Fifty people are dead in Orlando, Florida, following the worst lone-gunman massacre in American history. The target was Pulse, a nightclub founded by Barbara Poma and Ron Legler in 2004 "to promote awareness of the area's lesbian, gay, bisexual and transgender community."
The name references the heartbeat of Poma's brother, John, who died from AIDS and it was founded "as a club that is John's inspiration, where he is kept alive in the eyes of his friends and family."
According to officials, 39 of the 50 victims died inside the club; a place, in President Obama's words "where people came together to be with friends, to dance and to sing, and to live." Those 50 killed, and the 53 injured and their loved ones remain at the forefront at our thoughts. Here's what we know about the man who has taken and damaged their lives.
Omar Mateen, 29, was killed by SWAT teams responding to the shootings after a nearly three-hour stand-off in which he held club-goers hostage. He had an AR-15 style assault weapon and a handgun. He was an American citizen, born in New York the son of immigrants from Afghanistan. He was on the FBI's radar since 2013, when he made "inflammatory comments to coworkers alleging possible terrorist ties," and had been interviewed by the FBI three times. According to a Bureau of Alcohol, Tobacco, Firearms and Explosives spokesperson, Mateen legally purchased two firearms—a handgun and a long gun—"within the past few days." He worked for a security firm and had a firearm license. His ex-wife said that "he was violent and mentally unstable and beat her repeatedly while they were married."
Despite a claim of responsibility from Islamic State, U.S. officials say that they have seen no immediate evidence linking Mateen to ISIS.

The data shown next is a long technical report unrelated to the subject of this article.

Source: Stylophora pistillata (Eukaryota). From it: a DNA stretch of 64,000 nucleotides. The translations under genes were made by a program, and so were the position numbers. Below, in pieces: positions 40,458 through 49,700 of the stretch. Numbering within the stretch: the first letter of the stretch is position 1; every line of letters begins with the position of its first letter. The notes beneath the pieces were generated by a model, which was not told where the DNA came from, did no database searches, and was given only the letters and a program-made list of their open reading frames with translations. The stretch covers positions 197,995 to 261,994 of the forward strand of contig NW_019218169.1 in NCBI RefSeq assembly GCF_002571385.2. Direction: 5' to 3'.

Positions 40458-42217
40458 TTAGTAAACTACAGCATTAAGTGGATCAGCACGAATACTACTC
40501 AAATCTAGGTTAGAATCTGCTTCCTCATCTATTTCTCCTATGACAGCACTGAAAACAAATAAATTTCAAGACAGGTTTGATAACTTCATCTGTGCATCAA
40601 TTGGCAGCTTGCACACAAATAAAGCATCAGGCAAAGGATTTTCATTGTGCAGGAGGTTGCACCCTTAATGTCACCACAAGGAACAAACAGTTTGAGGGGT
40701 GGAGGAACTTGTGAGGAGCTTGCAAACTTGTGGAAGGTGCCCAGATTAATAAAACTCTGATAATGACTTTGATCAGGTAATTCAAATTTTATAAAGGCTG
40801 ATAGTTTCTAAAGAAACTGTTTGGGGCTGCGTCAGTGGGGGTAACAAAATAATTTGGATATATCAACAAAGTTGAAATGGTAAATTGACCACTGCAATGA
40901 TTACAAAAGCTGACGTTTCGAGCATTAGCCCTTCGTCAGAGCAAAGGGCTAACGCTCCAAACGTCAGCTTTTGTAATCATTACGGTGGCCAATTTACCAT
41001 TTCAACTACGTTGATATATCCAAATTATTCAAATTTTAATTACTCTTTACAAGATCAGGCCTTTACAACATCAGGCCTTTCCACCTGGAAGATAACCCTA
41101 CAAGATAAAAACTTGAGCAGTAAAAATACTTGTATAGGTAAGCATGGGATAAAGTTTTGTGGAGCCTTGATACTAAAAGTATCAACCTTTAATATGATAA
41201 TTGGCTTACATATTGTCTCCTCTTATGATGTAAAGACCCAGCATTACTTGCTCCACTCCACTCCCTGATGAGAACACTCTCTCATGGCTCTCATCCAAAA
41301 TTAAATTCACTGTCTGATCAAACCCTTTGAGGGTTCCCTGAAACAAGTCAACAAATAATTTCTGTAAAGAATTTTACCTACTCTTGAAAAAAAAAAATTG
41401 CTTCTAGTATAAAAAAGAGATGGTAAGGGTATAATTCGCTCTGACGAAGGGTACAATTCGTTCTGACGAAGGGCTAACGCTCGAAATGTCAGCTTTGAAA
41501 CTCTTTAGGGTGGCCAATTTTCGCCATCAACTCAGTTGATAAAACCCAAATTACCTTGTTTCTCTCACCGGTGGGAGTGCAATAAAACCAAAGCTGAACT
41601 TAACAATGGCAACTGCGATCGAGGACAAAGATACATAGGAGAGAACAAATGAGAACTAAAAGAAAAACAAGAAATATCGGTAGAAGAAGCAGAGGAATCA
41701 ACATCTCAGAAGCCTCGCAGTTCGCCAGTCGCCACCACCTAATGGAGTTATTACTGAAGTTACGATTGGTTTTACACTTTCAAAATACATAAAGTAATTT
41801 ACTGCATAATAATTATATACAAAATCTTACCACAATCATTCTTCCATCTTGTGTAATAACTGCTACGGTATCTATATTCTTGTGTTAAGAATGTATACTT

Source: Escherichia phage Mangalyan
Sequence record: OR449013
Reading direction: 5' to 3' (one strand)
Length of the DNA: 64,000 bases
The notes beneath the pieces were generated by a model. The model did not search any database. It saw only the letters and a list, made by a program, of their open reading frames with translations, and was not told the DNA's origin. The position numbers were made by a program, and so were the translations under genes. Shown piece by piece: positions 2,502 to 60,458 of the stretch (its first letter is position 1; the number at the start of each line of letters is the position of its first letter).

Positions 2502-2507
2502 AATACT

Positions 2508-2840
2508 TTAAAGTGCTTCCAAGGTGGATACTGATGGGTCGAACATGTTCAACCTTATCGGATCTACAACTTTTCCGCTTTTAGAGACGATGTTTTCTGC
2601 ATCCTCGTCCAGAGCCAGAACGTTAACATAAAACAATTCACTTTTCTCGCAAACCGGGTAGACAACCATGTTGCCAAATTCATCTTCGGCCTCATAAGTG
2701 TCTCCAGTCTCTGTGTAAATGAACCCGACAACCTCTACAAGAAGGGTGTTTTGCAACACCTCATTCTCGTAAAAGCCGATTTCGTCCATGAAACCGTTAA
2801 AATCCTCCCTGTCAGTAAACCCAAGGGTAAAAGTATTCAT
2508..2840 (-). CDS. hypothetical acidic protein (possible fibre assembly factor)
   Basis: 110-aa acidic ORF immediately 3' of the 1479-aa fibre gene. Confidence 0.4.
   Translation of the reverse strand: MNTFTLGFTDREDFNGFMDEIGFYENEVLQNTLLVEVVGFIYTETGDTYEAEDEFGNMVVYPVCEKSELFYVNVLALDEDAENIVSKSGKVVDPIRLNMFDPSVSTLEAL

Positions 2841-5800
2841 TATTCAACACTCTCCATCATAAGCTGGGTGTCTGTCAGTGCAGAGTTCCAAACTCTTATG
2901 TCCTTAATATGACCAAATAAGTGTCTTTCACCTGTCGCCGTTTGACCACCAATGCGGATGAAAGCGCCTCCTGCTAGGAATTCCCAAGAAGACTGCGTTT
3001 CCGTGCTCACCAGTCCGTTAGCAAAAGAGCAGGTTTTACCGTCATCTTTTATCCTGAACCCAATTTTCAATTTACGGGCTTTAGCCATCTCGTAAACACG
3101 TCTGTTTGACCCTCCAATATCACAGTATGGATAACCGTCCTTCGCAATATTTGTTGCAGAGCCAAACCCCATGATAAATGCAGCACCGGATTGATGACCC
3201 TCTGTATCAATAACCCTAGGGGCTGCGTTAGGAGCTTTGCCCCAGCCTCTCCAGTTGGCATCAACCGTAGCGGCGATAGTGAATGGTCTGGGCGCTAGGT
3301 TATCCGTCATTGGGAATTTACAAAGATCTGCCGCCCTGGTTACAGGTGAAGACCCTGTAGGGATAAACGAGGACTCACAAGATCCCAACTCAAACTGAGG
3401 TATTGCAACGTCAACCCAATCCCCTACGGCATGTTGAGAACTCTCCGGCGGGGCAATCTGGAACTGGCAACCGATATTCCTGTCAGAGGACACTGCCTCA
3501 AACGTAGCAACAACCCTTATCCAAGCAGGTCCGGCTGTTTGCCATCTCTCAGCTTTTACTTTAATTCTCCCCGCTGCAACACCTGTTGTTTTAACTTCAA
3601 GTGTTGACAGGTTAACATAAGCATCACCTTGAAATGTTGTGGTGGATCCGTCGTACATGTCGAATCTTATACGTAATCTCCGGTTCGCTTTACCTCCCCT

There is 'no evidence yet that this was directed or connected to ISIS. So far as we know at this time, his first direct contact was a pledge of bayat (loyalty) he made during the massacre," said a U.S. counter-terrorism official, referring to a 911 call the suspect made on Sunday. The official spoke on condition of anonymity.
President Obama continues to be briefed by the FBI, which is leading the investigation. An event he had scheduled with Hillary Clinton Wednesday in Green Bay, Wisconsin, has been postponed, and he has ordered flags at federal facilities be flown at half-staff through Thursday. Attorney General Loretta Lynch has cancelled her planned participation in a cybersecurity conference in China, returning to Washington, D.C., to monitor the investigation.
Hillary Clinton will maintain her schedule, and at a speech in Ohio will "address this act of terrorism and hate, and the steps she would take to keep Americans safe." Donald Trump will continue to be a horrifying, disgusting monster.
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